Aliases for RAC1 Gene
External Ids for RAC1 Gene
The protein encoded by this gene is a GTPase which belongs to the RAS superfamily of small GTP-binding proteins. Members of this superfamily appear to regulate a diverse array of cellular events, including the control of cell growth, cytoskeletal reorganization, and the activation of protein kinases. Two transcript variants encoding different isoforms have been found for this gene. [provided by RefSeq, Mar 2009]
GeneCards Summary for RAC1 Gene
RAC1 (Ras-Related C3 Botulinum Toxin Substrate 1 (Rho Family, Small GTP Binding Protein Rac1)) is a Protein Coding gene. Among its related pathways are PI3K-Akt signaling pathway and PI-3K cascade. GO annotations related to this gene include GTP binding and enzyme binding. An important paralog of this gene is RAC2.
UniProtKB/Swiss-Prot for RAC1 Gene
Plasma membrane-associated small GTPase which cycles between active GTP-bound and inactive GDP-bound states. In its active state, binds to a variety of effector proteins to regulate cellular responses such as secretory processes, phagocytosis of apoptotic cells, epithelial cell polarization and growth-factor induced formation of membrane ruffles. Rac1 p21/rho GDI heterodimer is the active component of the cytosolic factor sigma 1, which is involved in stimulation of the NADPH oxidase activity in macrophages. Essential for the SPATA13-mediated regulation of cell migration and adhesion assembly and disassembly. Stimulates PKN2 kinase activity. In concert with RAB7A, plays a role in regulating the formation of RBs (ruffled borders) in osteoclasts. In glioma cells, promotes cell migration and invasion. In podocytes, promotes nuclear shuttling of NR3C2; this modulation is required for a proper kidney functioning. Required for atypical chemokine receptor ACKR2-induced LIMK1-PAK1-dependent phosphorylation of cofilin (CFL1) and for up-regulation of ACKR2 from endosomal compartment to cell membrane, increasing its efficiency in chemokine uptake and degradation. In synapses, seems to mediate the regulation of F-actin cluster formation performed by SHANK3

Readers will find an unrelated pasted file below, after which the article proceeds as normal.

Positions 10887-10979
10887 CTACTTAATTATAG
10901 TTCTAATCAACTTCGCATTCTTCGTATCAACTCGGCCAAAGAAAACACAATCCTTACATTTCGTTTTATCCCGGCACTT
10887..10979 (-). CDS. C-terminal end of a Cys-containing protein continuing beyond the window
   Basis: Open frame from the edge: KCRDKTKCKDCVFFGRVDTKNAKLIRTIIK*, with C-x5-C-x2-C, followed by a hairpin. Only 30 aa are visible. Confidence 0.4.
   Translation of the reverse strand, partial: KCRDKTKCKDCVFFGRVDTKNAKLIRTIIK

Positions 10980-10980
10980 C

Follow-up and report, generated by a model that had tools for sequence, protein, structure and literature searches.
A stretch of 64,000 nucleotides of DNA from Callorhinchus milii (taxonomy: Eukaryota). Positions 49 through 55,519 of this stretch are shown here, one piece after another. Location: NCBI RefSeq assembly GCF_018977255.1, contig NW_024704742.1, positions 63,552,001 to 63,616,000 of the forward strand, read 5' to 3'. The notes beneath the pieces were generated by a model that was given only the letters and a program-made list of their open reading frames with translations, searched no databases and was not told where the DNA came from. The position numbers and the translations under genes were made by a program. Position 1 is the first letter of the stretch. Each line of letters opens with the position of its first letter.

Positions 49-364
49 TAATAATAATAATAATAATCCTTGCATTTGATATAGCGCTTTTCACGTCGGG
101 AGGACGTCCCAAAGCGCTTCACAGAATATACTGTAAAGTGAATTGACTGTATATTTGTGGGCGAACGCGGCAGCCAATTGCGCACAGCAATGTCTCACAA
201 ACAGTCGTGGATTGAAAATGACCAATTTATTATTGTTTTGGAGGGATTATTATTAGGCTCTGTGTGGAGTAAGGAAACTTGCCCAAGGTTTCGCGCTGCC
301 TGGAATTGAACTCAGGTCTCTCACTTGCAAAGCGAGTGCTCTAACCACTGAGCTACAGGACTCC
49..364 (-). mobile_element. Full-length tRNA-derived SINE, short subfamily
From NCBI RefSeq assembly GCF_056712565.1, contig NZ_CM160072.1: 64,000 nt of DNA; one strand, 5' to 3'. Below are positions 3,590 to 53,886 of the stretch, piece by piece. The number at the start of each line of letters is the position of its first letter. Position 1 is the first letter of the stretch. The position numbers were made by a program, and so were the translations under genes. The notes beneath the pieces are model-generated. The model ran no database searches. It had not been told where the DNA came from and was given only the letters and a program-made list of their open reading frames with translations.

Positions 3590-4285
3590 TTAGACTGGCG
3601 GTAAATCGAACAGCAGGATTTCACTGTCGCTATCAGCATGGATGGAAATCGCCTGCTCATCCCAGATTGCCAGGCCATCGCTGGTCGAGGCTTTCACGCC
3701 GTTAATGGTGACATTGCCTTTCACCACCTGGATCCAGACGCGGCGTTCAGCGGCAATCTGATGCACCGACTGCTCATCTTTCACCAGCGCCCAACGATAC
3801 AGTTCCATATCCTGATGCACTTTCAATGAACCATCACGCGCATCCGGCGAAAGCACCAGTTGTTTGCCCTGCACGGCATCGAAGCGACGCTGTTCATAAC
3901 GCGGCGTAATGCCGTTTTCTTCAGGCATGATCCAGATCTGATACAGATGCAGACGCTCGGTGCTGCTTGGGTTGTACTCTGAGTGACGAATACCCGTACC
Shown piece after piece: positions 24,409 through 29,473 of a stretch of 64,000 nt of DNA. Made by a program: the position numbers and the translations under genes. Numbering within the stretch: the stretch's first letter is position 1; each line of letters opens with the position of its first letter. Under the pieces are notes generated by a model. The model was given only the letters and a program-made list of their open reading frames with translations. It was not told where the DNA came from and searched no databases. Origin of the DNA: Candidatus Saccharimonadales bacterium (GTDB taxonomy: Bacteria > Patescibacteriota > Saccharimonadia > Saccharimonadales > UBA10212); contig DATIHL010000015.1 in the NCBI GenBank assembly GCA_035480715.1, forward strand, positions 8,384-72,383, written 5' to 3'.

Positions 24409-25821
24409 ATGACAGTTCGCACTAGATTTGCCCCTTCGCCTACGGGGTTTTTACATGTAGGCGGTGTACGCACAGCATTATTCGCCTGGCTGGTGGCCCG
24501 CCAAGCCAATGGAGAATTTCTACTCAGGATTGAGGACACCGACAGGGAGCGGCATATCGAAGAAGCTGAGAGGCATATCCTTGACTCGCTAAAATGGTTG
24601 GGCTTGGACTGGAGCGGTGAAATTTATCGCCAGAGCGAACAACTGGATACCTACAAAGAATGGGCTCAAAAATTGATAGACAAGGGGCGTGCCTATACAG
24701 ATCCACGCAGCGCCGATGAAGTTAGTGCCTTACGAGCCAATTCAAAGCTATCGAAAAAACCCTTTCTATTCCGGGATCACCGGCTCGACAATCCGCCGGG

Isoform B has an accelerated GEF-independent GDP/GTP exchange and an impaired GTP hydrolysis, which is restored partially by GTPase-activating proteins. It is able to bind to the GTPase-binding domain of PAK but not full-length PAK in a GTP-dependent manner, suggesting that the insertion does not completely abolish effector interaction
Small G proteins (small GTPases) are homologous to Galpha proteins and are often referred to as the Ras proto-oncogene superfamily. The Ras superfamily contains over 100 small GTPases grouped into eight families; Ras, Rho, Rab, Rap, Arf, Ran, Rheb and Rad. Small GTPases regulate a wide variety of processes in the cell, including growth, differentiation, movement and lipid vesicle transport. Like Galpha proteins, small GTPases alternate between an on state (bound to GTP) and an off state (bound to GDP). This cyclic process requires guanine nucleotide exchange factor (GEF) and GTPase-activating protein (GAP). Small GTPases are the downstream effectors of most receptor tyrosine kinases (RTKs) and are linked via two proteins, GRB2 and SOS. They are coupled to intracellular signaling cascades including the MAPK pathway, through interactions with Raf kinase. Normally, activation of small GTPases is induced by ligand binding to a RTK. In many transformed cells activating mutations of GTPases, often Ras, produce a cellular response in the absence of a ligand, thus promoting malignant progression.